8. Can I choose my location?

The official HERO job announcement lists field office locations available for internships around the U.S. We make every effort possible to allow participants to do their internships near home and family.

9. What is the work really like?

It is important to understand the answer to this question before making your decision to apply or enter the program. The HERO Corps is a gateway to a variety of law enforcement and child protection careers. Some graduates—depending on their physical abilities and career goals—might have an ultimate goal of becoming a law enforcement agent (or “gun carrier”). Careers as an agent can be pursued through federal agencies such as ICE/HSI or with state and local law enforcement agencies, such as ICAC Task Forces (and their affiliates).

Other participants will set their sights on a career that is more technology-focused, with computer forensics as a core skill set. In some law enforcement agencies, a computer forensic analyst (CFA) is separate and distinct from an investigator-agent, while in others, the roles of both are more intertwined. It is important to realize that even a specialized forensic analyst is positioned to do critical (and often the most substantial) investigative work, leading to the identification of new suspects, criminal networks and, most importantly, child victims.

Whichever career path interests you most, it is important to understand that this 10-month internship is for CFAs, supporting case investigators while learning the craft. HEROs participate in crime scene investigations (e.g., search warrants), where their knowledge and skills are crucial. However, as civilian interns, they cannot carry a gun or badge and do not participate in breach operations.

10. How do I know if I’m suited to the subject matter content in this work?

Law enforcement combats child sexual exploitation by tracking the flow of video and images “back through the Internet” to the door of a predator or his child victims. These images can be horrific, and if a law enforcement professional is not disturbed by viewing them, he or she should get out of the profession.

It’s important that you are fully aware of what child pornography is and is not. Many people mistakenly assume child pornography is comprised mainly of photos of naked children. The truth is that child pornography images and video are crime scene recordings, showing the rape and sadistic torture of children, including very often infants and toddlers. As a HERO, you will see horrific and deeply disturbing video and images on a regular basis. As candidates go through the screening and interview process, they will have opportunities to speak with officers who view this material and view redacted images first.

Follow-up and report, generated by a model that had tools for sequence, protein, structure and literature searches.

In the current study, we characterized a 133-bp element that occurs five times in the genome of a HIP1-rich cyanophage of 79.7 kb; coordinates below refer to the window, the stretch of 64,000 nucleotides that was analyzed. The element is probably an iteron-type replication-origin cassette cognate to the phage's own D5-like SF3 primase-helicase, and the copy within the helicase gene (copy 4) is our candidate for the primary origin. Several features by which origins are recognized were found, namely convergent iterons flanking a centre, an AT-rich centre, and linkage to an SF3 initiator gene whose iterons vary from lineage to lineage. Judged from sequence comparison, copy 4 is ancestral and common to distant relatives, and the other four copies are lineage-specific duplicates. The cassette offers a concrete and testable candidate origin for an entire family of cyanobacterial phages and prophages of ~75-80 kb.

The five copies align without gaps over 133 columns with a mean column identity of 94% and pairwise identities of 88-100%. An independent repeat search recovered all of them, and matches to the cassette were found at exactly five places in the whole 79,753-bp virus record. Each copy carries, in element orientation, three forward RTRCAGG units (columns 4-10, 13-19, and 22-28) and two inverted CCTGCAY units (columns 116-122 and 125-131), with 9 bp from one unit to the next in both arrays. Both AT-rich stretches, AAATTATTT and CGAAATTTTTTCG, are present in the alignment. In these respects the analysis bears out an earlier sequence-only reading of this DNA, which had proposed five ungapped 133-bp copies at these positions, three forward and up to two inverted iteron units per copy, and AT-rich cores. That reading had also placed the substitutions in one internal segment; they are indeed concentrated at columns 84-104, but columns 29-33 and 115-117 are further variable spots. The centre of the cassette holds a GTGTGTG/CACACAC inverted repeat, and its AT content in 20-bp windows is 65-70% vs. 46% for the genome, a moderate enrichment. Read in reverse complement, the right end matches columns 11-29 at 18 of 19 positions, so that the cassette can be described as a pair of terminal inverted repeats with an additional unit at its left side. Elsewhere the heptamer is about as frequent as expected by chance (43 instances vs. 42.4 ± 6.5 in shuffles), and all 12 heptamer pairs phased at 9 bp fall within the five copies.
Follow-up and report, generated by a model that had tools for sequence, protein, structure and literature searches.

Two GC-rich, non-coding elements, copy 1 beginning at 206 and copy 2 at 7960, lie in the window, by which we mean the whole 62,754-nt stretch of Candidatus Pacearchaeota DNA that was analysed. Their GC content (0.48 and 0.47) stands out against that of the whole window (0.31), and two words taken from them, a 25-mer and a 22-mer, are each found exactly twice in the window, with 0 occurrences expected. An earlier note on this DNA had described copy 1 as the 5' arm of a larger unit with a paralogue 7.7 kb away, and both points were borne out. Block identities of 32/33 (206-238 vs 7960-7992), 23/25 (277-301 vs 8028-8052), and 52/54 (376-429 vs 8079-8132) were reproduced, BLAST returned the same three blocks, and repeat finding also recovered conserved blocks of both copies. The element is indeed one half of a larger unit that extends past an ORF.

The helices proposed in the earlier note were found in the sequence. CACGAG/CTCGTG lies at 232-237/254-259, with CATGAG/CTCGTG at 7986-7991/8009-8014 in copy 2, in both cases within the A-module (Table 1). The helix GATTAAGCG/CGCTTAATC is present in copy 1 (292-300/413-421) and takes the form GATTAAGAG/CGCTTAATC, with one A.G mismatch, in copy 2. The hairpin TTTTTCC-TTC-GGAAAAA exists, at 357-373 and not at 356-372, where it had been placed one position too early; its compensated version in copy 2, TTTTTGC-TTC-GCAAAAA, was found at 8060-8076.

Some HERO alumni report that their prior exposure to atrocities in combat have prepared them mentally for this work. Some say knowing they are stopping a child predator or rescuing a child sustains them and makes the work easier. However, if you have a personal history of child sexual abuse or are wrestling with active PTSD of any kind (combat-related or childhood-related), you should give careful consideration to viewing images which might be triggering. PROTECT provides a free, 100% confidential counselor to our HEROs, who is on-call 24/7. ICE/HSI also has a peer-support program for professionals who view child abuse material.

11. What kind of pay can I expect for law enforcement jobs?

As explained above, there is no guaranteed employment upon completion of the HERO Corps program. However, computer forensic analysts in federal law enforcement can expect to move through GS levels 5/7 through 13 during approximately a five-year period. Those salary levels can be found here. State and local law enforcement salary ranges might start higher, but not climb as far as federal pay levels. They vary greatly by agency and region (we’ve heard interest in hiring HEROs anywhere from $35,000-$70,000).

12. How do I apply?

When the application is available, you will see an "Apply Now!" button at the top of this website. You will be required to complete the application at USAJobs and submit the required documentation at that time.

For additional information or questions not answered here, please contact:

General Information
National Association to Protect Children
(865) 525-0901

Voc Rehab Information
James Beard, HSI
(703) 293-9886